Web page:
The present president of the Southern Baptist Convention, J.D. Greear, gave his annual SBC Presidential Address online (at his FB page) and focused on major topics, including race and racism. (On which I will not comment.) I have long watched Greear and I read his gospel book some years back and we engaged in a fair minded conversation, and I hope (if he has time) we can do the same again someday.

Greear’s first topic was gospel and his commitment to Scripture. On gospel I want to make a few observations.

He speaks too about sexual abuse and the need for making the church a safer place. About diversity as well, and says 20% of SBC churches are non-white. Leadership doesn’t reflect this so appointments will make diversity and persons of color a priority. “Black Lives Matter” is a “gospel issue” he says. Please don’t respond, he says, with “all lives matter.” Thank you J.D. Greear. He talked about baptism numbers… 50 years of decline… work with others to change the trajectory. Too much concern about the news cycle than evangelism. Gospel unity: rancor and divisiveness over secondary issues among some. Presidential election comes up and he appeals to Romans 14. I earlier stated that Greear said he’d vote for Trump but I misheard what he said when he was speaking in the first person. I correct that, and I apologize to him. He was appealing to unity of believers and difference in politics, and he did not specifically state his view. He finished with an exhortation about sending gospel agents into the world as missionaries.

Summary of J.D. Greear’s opening comments on gospel

He says the “gospel above all” has been the focus of the SBC the last couple years and he acknowledges that some have diminished it by making it so common. He’s referring no doubt to the use of “gospel” for whatever anyone thinks is most important. He’s right about that as I’ve heard people say the gospel is justice or feminism, and I once heard a friend say the gospel is really the gospel when you believe in double predestination. He continues with Paul in 1 Cor 15 that the gospel is of “first importance.” And then he summarizes Paul saying that his message was “Christ crucified” (and then cites Rom 4:25 that he died for our sins and was raised for our justification).

Which leads him to ask what the gospel was. He says alot can be said about kingship and the authority of Jesus and new creation and the radically new way of living, and at this point he’s got my interest. (He’s at least nodding in the direction of NT Wright, Matt Bates and me.) What he’s saying is that kingship etc are important but not as key as what he wants to focus on.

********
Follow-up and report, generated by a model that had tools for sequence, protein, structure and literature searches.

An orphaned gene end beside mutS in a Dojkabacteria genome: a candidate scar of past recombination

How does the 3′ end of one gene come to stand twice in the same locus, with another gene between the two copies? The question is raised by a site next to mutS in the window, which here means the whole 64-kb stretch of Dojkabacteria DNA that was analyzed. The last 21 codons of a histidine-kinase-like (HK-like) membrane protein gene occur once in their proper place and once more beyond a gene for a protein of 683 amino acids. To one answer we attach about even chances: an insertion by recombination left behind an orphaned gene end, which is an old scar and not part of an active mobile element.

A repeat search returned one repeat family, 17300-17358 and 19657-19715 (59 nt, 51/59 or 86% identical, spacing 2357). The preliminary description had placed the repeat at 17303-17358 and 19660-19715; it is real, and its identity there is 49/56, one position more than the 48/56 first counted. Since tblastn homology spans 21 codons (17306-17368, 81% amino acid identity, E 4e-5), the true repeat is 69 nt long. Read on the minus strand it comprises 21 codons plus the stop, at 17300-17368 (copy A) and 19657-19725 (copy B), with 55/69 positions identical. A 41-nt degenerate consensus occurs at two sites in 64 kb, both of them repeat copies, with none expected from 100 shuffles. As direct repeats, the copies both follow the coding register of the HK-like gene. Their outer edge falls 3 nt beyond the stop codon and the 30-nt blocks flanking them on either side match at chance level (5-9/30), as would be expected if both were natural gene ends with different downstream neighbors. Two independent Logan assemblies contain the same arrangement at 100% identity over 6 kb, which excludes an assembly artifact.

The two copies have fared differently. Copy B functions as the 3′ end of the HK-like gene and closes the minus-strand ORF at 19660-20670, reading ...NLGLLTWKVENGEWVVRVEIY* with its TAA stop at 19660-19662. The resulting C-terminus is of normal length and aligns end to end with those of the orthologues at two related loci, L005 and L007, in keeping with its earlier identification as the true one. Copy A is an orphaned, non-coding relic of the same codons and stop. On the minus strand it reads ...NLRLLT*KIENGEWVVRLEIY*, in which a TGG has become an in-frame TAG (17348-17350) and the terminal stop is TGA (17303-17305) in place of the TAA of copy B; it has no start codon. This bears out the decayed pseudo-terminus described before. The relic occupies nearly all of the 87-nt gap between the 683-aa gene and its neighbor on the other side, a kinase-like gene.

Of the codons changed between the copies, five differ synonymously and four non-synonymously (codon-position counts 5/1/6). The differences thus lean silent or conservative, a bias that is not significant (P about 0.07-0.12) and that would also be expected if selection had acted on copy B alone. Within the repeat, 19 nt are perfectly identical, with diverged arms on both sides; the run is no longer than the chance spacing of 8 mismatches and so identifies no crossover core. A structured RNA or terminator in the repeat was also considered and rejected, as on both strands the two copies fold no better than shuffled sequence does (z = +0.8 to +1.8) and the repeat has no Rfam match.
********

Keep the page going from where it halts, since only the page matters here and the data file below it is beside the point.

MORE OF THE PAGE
Then he says this: “The key word … is substitution.” At his church they teach a four word summary of the gospel: “Jesus in my place.”

Then he says this: “The key word … is substitution.” At his church they teach a four word summary of the gospel: “Jesus in my place.” [Notice how individualistic this is, notice too that this formula of his is nowhere found in the NT: it is “for our sins.”] Greear’s point is that he didn’t die just “for” us but “instead” of us. He glosses that with double imputation: he took our sin so we could “put on his mantle of righteousness.” (D.A. Carson, by the way, said there is no place in the NT that unambiguously teaches double imputation but it is implicit in places, and R.H. Gundry took issue with Carson at a famous Wheaton Theology Conference I attended.)

More from Greear: The “good news of the gospel” is that Jesus lived the life we were supposed to live and died our death (I summarize). Peter says this is the gospel that saves and to which we must respond by hearing and repenting and believing.

What God has taught the SB people is that “we must be a gospel-above-all people.” The gospel contains the power of God. Heals the blind, saves the sinner, and renews the church. Without the gospel Bible stories are merely instructions of what we “ought to do without the power to do it.” Everything in church ministry, Greear says, requires the power of the resurrection unleashed by the gospel, and this gospel has the ability to make all we do the power of God.

Caring the poor is an implication of the gospel but the “gospel is the message that sinners can be saved from the wrath of God by faith in Christ Jesus.” He points to Luther about humans being prone to self-sufficiency and therefore our lives must be continual repentance (southern accent on “repenunce”, love it). He is sitting at table with Luther’s works flanked behind him.

One phrase emerges – he now plays with the SBC and it’s annual convention and the Jerusalem Council – from the “Baptist” or “business meeting” in Jerusalem and the Committee on Resolutions said “We should not make it difficult for the gentiles who are turning to God” (Acts 15:19). This must shape the whole of the SBC and its churches. I’ll say this: I’m not sure his reduction to substitution makes it difficult, I don’t know that. Many respond to that.

But I am sure that there is more to the gospel than what Greear says it is. His gospel, as I have said of others’ presentations of the gospel, is inadequate when compared to the Bible’s own presentation of the gospel.